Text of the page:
# How do you determine the binomial factors of x^3-6x^2+11x-6?

Feb 15, 2017

Test possible factors using synthetic division; retain those which are true factors. Repeat with the factored polynomial until only binomial factors remain.

${x}^{3} - 6 {x}^{2} + 11 x - 6 \text{ "=" } \left(x - 1\right) \left(x - 2\right) \left(x - 3\right) .$

#### Explanation:

In order for $\left(a x + b\right)$ to be a factor of a polynomial $A {x}^{3} + B {x}^{2} + C x + D$, we need $a$ to be a divisor of $A$, and $b$ to be a divisor of $D$. (We'll see why in a bit). So if we're looking for integer-based factors, this reduces our options considerably.

For our polynomial ${x}^{3} - 6 {x}^{2} + 11 x - 6$, we have $A = 1$ and $D = \text{-} 6$, so the possible factors we will check are

• $x \pm 1$,
• $x \pm 2$,
• $x \pm 3$, and
• $x \pm 6$.

Let's start with the factors $\left(x + 1\right)$ and $\left(x - 1\right)$.
If $\left(x + 1\right)$ is a factor, then dividing the polynomial by $\left(x + 1\right)$ will leave $0$ remainder. We divide using synthetic division:

{:("-"1,|,1, "-"6, 11, "-"6),(,|,ul(" "),ul("-"1),ul7,ul("-"18)),(,,1,"-"7,18,|ul("-"24)):}

The -24 is our remainder after division. Since this is not zero, $\left(x + 1\right)$ is not a factor of our polynomial.

What about $\left(x - 1\right)$?

$\left.\begin{matrix}1 & | & 1 & \text{-"6 & 11 & "-"6 \\ \null & | & ul(" ") & ul(1) & ul("-"5) & ul(6) \\ \null & \null & 1 & "-} 5 & 6 & | \underline{0}\end{matrix}\right.$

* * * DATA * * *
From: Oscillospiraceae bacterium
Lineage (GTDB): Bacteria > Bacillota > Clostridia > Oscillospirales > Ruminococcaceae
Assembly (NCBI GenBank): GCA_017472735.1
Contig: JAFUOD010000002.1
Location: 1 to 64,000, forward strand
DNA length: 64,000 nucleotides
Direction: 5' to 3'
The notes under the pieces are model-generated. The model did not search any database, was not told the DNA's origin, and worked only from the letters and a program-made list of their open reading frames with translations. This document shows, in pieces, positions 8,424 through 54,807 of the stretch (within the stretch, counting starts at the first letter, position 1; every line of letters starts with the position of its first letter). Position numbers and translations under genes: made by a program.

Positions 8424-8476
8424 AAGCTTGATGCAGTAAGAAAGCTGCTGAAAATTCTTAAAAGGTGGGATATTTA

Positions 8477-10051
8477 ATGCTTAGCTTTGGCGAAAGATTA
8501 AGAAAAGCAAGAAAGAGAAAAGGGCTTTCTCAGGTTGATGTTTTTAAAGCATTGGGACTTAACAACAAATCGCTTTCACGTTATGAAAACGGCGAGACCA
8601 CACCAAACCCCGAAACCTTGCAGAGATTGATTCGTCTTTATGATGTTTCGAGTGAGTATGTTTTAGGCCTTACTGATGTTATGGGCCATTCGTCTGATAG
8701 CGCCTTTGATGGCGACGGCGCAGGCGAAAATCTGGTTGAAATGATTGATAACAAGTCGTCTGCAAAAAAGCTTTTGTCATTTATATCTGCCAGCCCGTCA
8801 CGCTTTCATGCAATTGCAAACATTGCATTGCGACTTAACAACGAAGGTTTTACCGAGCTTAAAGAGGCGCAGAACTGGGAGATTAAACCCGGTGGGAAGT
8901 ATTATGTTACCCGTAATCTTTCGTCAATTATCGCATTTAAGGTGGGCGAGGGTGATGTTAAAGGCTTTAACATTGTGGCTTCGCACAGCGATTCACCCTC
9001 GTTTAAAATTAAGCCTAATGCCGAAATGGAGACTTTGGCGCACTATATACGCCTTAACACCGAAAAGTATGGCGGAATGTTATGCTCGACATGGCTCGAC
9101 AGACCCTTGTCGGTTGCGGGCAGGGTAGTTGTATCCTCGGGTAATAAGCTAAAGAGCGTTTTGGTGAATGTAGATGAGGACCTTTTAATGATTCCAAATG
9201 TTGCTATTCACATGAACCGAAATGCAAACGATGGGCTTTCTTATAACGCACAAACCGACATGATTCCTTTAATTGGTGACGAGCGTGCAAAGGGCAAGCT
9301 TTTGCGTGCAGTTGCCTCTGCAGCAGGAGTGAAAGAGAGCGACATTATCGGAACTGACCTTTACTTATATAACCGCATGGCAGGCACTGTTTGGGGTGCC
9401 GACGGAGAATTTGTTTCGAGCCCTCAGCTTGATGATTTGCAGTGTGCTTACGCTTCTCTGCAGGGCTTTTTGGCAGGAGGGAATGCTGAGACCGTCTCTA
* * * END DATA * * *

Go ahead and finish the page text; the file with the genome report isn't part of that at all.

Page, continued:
Since the remainder is zero, we know $\left(x - 1\right)$ is a factor of our polynomial. The other numbers on our bottom line (1, -5, 6) are the coefficients of the factored polynomial. Meaning:

${x}^{3} - 6 {x}^{2} + 11 x - 6 \text{ "=" } \left(x - 1\right) \left({x}^{2} - 5 x + 6\right) .$

We can find the remaining factors by using synthetic division on other possible factors, or, since the remaining polynomial is only a quadratic, we can use the old classic "find two numbers that add to -5 and multiply to 6" method.

This is fairly easily done. The two numbers are -2 and -3:

${x}^{2} - 5 x + 6 \text{ "=" } \left(x - 2\right) \left(x - 3\right)$

So we can replace the $\left({x}^{2} - 5 x + 6\right)$ in our factorization of the polynomial with $\left(x - 2\right) \left(x - 3\right)$ to get:

${x}^{3} - 6 {x}^{2} + 11 x - 6 \text{ "=" } \left(x - 1\right) \left(x - 2\right) \left(x - 3\right) .$

## Bonus:

Remember how we said the binomial factors needed to have $a$-values that were factors of $A = 1$ and $b$-values that were factors of $D = \text{-} 6$? Take a look at the $b$-values in our factors: -1, -2, and -3. After "FOIL-ing", their product is the only term that has no $x$'s in it, and so that product needs to be our $D$-value of -6. That's why each $b$-value must be a factor of -6: because only factors of -6 can contribute to a product of -6. (Ignoring rational/irrational factors.)

(A similar argument follows for the $a$-values needing to be factors of 1.)